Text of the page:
Not only are gas prices affected by news, it can be affected by speculators on Wall Street, who Laskoski said can influence and manipulate the price of oil.

Speculation is “often by people who have no intention of purchasing crude oil,” Laskoski said. “They make money simply on the transaction and make money when speculators push prices higher.”

Political issue

Speculation was a major campaign issue in the 2008 election, and Laskoski said he expects it to be again this year.

In Ohio, summer gas is more expensive because retailers must sell a “summer blend” that costs more than the gas sold in winter, Keyton said.

Laskoski agreed.

“This is why we always see (gas prices) go up this time of year, regardless of what crude oil is,” Laskoski said. “Because of government mandates for the summer blend.”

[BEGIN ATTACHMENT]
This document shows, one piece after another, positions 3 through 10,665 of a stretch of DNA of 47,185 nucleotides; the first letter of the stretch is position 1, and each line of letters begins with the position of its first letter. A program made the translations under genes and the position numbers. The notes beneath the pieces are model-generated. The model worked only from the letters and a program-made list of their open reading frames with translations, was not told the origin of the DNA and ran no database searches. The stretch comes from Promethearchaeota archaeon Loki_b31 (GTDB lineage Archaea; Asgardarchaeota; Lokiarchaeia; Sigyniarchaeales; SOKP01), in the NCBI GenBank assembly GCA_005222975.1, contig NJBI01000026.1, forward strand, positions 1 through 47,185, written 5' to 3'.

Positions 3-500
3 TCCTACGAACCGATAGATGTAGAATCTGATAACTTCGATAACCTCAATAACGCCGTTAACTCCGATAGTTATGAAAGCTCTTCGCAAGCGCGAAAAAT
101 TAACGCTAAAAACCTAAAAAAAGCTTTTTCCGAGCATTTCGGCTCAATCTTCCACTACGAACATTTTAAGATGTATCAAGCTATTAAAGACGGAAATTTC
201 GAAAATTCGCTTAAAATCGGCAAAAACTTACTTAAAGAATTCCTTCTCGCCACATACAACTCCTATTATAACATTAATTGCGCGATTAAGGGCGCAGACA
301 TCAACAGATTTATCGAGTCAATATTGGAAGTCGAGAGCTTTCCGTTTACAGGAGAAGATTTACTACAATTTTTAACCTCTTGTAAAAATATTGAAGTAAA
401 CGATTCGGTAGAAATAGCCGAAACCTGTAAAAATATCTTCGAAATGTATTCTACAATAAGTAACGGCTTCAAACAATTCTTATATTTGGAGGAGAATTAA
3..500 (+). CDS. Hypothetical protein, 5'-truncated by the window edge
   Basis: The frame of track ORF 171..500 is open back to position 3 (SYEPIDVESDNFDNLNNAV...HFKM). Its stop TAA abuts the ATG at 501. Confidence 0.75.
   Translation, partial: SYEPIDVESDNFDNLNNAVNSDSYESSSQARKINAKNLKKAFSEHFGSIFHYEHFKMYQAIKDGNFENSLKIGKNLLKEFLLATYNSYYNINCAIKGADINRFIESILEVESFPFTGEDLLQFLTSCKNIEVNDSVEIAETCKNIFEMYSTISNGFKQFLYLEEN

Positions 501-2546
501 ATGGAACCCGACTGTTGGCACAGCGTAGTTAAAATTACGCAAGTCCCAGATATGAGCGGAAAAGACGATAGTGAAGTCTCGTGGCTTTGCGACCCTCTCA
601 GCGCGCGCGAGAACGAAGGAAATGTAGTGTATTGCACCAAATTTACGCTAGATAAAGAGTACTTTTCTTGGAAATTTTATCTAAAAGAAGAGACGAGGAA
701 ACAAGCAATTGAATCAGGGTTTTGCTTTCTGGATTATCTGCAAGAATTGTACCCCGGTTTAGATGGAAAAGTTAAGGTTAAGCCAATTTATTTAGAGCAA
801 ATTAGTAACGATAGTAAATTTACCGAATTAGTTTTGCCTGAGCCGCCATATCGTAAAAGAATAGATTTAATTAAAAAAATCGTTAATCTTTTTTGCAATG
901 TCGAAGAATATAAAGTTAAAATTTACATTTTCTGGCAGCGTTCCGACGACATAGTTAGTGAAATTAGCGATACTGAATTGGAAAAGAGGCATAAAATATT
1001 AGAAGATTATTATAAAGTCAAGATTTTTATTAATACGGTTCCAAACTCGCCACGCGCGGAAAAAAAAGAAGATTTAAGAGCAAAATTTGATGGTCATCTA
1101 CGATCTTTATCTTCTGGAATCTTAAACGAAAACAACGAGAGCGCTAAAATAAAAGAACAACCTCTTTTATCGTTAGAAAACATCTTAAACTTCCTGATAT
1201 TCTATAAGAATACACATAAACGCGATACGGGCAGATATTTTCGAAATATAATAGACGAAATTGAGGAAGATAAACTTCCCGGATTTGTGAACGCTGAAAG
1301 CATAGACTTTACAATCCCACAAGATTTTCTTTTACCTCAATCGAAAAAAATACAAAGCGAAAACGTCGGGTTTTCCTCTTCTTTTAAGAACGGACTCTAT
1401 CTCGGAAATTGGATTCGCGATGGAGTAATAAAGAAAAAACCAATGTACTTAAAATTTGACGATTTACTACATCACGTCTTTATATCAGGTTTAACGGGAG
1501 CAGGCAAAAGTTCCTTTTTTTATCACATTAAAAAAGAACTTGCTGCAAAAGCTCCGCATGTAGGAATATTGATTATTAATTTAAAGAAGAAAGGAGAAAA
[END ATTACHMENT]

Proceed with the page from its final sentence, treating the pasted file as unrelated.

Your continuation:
Still, gas is less expensive in the Midwest than in coastal states.

But gas prices are still rising, and the cost may be too much for some consumers to bear. According to a AAA fuel gauge report released in March, demand for gas is about 11 percent lower than a year ago, the lowest figure since March 2001.

Analysts say gas prices may not decrease again until winter returns, when the gasoline blends are cheaper. Laskoski said gas prices are cheapest from October through December.

Contact this reporter at (937) 328-0371 or emason@coxohio.com.